Noble sent Readdy a video a few days later, which he shared with Wyoming's coaches. They all looked on as Noble drove 50-yarders well beyond the uprights. "When you look at that, all the raw skills are absolutely there," Readdy says. But there's something more, too.
Nathan visited his parents' house in Versailles two nights before he left, for an event his family calls January Birthdays, because so many of them have one. This year it was also a gathering that would allow everyone to say goodbye and wish him luck. When he arrived, the bushes in front of the house still sparkled with Christmas lights. His cousins were there, with their kids, as were his aunt and uncle and his two sisters. The house was warm and loud, the kitchen countertop full of pots of chili and ham sandwiches and vegetables and dipping sauce and cups. Some of the men were in the living room, sitting in front of the big wooden TV stand David made, watching golf on the flat-screen. Nathan waited for everyone else to eat before he got himself a plate. He ate chili with tiny crackers on a tabletop covered by a polka-dot cloth. He stood in front of the room after everyone had eaten and listened to his sisters tell stories about him playing guitar and being a daredevil, once jumping off a roof onto a trampoline and another time leaping from a roof into a swimming pool. Nathan opened a Star Wars birthday card. His father, a sociology teacher for more than 35 years at Woodford County High, was filming the occasion with a new camera. When it was time for Nathan to go, he got his coat from the bed, made his way into the hall and stood near the door. His mother lingered next to him, then wrapped him in her arms and held him there, as though she didn't want to let him go again.
Back on the field at Georgetown the next day, for one last practice session before he drives off, he drops a few footballs at the hash marks, moves out to the 35-yard line and places a ball under the long neck of the tee. He takes three steps back and two to the left, shakes his arms out, looks down. When Noble was a coach, standing under the lights of a soccer game, he felt nostalgia and realized he was living vicariously through the Georgetown players.
He understood he wanted to be in the focal point of those lights and says that "I'm just dumb enough to go out there and think I can hit a couple of game-winning field goals and be someone everyone relies on. Just like in the Marine Corps."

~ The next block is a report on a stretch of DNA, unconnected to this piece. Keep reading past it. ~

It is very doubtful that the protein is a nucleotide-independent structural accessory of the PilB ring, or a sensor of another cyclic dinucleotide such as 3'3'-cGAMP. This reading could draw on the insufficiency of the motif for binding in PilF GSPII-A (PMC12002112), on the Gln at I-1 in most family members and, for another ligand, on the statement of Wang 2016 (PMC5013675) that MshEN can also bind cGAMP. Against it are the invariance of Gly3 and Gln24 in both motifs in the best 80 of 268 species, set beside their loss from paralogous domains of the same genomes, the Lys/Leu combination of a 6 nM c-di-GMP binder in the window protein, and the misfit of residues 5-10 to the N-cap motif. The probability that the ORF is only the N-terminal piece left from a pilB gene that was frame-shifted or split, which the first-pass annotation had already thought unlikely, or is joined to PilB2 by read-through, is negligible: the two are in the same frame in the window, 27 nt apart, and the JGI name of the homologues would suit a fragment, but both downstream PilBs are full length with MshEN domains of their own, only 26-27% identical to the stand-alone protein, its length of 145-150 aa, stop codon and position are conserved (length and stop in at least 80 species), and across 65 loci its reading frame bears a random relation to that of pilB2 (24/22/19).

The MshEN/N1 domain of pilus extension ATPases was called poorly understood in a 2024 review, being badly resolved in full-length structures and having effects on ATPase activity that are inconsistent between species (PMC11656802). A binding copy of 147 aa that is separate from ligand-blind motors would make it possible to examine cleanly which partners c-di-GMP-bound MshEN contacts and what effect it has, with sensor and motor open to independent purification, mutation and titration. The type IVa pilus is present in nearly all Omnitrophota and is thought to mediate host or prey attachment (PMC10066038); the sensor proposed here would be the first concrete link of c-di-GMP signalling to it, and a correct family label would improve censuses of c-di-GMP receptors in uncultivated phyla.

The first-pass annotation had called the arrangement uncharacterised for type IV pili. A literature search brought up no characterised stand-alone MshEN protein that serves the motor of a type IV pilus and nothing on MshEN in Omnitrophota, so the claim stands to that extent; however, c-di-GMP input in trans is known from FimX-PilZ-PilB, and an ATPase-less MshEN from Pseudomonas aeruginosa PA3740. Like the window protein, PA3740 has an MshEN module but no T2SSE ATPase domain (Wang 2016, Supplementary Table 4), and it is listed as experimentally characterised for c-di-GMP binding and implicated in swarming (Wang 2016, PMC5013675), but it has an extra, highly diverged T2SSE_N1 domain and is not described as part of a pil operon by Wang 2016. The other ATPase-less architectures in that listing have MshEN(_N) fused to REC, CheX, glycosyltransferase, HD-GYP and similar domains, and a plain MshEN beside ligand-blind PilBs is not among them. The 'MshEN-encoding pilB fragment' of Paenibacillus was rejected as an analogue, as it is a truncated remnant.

He practices with a former Arena League kicker named Trey Kramer, who was an eighth-grade goalkeeper in Versailles when Noble was a senior at Woodford County and had looked up to him the way a rookie looks up to a legend. Over the last few months they've joked about who could kick the farthest or be the most successful, but weren't really being competitive. They kicked twice a week for a couple of hours, maybe 30 tries.
Noble makes three kicks in a row from the 30-yard line, with plenty of room to spare. He moves up to the 20, and his leg looks tired; the first bangs off the upright, then two more go through and a third misses wide. He repeats this, for about 15 minutes, over and over, making 25 of 30. The last kicks fly deep onto the hill, including one that smacks off the bronze head of a tiger statue well beyond the end zone.
"In the Marines, if there's another squad going out on patrol and they need eight guys, and I send one of my guys and he gets blown up by an IED ... I live with that the rest of my life," he had said beneath the table lamp at Malone's. "Or a firefight, if I don't react the right way, and as a result of my actions someone dies ... and if I miss a field goal?" He paused, shrugged his shoulders. "I'm a 29-year-old kicker. You know?"
He gathers the footballs, and before he places them back into the bag, he wipes the snow off them with the sleeve of his warmup jacket. Beneath the jacket, unseen, at the top left of his back, a tattoo angel looks down, as if in prayer, over a list of names of his friends and fellow soldiers, now dead.
Nathan Noble was recently told by someone who had no idea who he was that kicking a field goal in front of a big crowd in a college stadium is an experience of inconceivable pressure and that trying to be a kicker on a football team would be the hardest thing he could ever possibly do.